GSK Supports Emphasis on Asthma Control and Use of Quick Assessment Tools in New Asthma Treatment Guidelines

Thursday, August 30, 2007 General News
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RESEARCH TRIANGLE PARK, N.C., Aug. 29 New asthma treatmentguidelines issued today urge healthcare professionals to first assess theseverity of a patient's asthma to determine and administer initial treatmentand then obtain regular assessments of the patient's level of asthma control.For the first time, ongoing assessment of control is recommended and theguidelines recognize use of validated questionnaires, like the Asthma ControlTest (ACT) and the Childhood Asthma Control Test, to assess asthma control.

In addition, the evidence-based guidelines continue to recommend thecombination of an inhaled corticosteroid (ICS) and long-acting beta-agonist(LABA) as a preferred therapy for a range of patients based on control andseverity criteria. Advair Diskus(R) (fluticasone propionate and salmeterolinhalation powder) is an ICS/LABA combination product indicated for the long-term, twice-daily, maintenance treatment of asthma in patients 4 years of ageand older.

The guidelines' emphasis on the importance of first obtaining and thenmaintaining asthma control, represent a significant change in guidance tophysicians. Issued by the National Asthma Education and Prevention Program, aspecial committee of the National Institutes of Health (NIH), the newguidelines represent a continued effort to reduce uncontrolled asthma in theU.S. -- an effort to which GSK is firmly committed.

"With the guidelines' new focus on asthma control we're hopeful that wewill see fewer serious events from uncontrolled asthma," said Dr. KathyRickard, Vice President, Clinical, Respiratory Medicine Development Center,GlaxoSmithKline. "Asthma is a variable condition which makes it unpredictable,so assessing patients' asthma control on a scheduled basis can really helpphysicians keep patients on the right therapy."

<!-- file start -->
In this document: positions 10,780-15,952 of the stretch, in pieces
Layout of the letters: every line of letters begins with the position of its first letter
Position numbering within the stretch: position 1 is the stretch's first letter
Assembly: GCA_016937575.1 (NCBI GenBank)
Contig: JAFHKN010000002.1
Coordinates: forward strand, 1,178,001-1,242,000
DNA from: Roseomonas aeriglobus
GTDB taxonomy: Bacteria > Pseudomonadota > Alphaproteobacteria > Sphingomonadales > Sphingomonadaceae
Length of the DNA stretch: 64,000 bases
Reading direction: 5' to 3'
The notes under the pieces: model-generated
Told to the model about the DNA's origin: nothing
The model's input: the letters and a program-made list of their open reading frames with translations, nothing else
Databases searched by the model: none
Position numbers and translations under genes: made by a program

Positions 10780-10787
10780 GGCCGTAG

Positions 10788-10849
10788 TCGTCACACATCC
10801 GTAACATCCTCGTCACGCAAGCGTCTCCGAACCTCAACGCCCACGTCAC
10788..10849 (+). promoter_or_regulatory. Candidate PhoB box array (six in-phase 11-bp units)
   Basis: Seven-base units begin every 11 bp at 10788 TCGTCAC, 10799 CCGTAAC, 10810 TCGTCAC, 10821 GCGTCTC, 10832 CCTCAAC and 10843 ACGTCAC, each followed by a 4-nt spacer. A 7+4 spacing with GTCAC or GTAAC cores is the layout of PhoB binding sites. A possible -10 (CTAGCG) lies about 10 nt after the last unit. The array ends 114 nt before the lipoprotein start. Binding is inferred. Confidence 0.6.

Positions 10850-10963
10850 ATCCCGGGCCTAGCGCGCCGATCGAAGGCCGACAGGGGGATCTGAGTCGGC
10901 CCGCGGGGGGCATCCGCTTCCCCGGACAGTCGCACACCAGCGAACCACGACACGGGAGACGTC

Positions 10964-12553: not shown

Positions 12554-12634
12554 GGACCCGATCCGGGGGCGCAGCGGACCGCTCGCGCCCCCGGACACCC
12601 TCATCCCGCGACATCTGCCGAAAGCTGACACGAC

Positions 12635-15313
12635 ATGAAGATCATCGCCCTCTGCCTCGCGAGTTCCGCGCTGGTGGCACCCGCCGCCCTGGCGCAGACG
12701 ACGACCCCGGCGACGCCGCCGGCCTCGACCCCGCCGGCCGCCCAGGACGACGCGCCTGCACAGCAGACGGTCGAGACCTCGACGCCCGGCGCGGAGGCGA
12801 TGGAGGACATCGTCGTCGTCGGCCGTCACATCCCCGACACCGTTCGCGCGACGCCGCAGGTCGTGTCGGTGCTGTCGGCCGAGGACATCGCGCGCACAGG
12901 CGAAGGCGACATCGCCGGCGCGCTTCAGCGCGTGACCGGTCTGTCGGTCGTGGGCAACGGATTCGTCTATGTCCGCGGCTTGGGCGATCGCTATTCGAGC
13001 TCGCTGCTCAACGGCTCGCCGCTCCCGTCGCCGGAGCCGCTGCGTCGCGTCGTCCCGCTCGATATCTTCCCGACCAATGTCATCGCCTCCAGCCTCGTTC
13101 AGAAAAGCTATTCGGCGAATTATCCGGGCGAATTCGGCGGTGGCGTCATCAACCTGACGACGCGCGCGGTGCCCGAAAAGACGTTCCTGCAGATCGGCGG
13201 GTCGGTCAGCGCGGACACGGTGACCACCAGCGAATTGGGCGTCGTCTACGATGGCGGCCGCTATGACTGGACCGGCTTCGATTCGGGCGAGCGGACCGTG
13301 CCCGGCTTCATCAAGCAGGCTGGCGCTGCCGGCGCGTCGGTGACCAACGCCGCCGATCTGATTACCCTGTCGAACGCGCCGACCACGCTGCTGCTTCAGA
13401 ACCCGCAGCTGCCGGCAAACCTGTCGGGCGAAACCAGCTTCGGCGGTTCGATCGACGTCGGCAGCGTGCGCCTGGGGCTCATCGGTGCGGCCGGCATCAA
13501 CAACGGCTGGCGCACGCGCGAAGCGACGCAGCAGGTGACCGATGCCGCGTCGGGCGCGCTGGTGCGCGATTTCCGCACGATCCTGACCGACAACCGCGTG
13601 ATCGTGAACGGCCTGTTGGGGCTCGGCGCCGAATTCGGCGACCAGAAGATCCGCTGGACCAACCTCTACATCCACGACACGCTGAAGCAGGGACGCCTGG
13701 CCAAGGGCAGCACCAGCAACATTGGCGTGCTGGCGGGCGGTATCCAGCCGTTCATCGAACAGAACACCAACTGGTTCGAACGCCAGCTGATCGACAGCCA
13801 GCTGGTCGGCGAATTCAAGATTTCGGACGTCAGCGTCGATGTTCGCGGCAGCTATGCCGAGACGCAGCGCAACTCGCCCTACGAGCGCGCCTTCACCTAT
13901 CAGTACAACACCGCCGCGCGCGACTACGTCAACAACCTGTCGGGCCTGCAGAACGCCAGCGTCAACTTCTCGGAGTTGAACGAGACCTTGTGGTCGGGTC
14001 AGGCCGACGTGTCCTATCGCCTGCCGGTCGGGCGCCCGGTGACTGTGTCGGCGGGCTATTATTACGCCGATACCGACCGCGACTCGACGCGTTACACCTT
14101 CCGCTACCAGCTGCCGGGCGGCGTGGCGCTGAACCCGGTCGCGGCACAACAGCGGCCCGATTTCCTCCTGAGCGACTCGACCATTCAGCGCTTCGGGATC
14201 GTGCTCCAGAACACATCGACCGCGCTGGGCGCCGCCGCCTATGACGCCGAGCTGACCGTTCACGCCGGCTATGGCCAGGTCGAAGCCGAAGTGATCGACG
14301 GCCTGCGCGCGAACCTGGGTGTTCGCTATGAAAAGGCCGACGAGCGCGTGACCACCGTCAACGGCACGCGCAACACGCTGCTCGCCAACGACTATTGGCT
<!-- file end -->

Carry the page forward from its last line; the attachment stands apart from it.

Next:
Asthma is a serious, chronic lung disease which affects more than 20million Americans. While deaths due to asthma have declined in the U.S. inrecent years, there are still nearly two million emergency department visitsand 500,000 hospitalizations due to asthma each year, an indication that manypatients continue to need better asthma control. Frequent use of albuterol totreat symptoms may be a sign of uncontrolled asthma, which can put patients atrisk for increased asthma symptoms, sudden attacks, hospitalization and evendeath.

Treatment recommendations in the new NIH guidelines are based on acomprehensive review of literature and are supported by evidence-basedmedicine. To determine optimal therapy for their asthma patients, theguidelines recommend physicians consider either a patient's level of asthmacontrol if the patient is currently on a controller medicine, or consider apatient's level of symptom severity, if the patient has a new diagnosis ofasthma or is using a short-acting beta-agonist (albuterol) alone.

"We're pleased that the guideline committee went through a review of allavailable data, and that the findings continue to support the importance ofICS/LABA combinations like Advair in the maintenance treatment of asthma,"said Dr. Rickard. "GSK has been a leader in respiratory care for more than 30years and offers medicines recommended in every step of the NIH asthmatreatment guidelines."

Advair, available in both a dry-powder inhaler and a metered-dose inhalerfor asthma patients 12 and older, is one of the most widely prescribedmaintenance therapies, and combines two medications in one device to helpprevent and control asthma symptoms. Asthma causes inflammation (swelling inthe airways) and airway constriction (the tightening of muscles that surroundthe airways), and Advair contains both an inhaled corticosteroid, fluticasonepropionate, to reduce inflammation; and an inhaled long-acting bronchodilator,salmeterol, to help prevent and reduce airway constriction. Advair is forpeople who still have symptoms on another asthma controll

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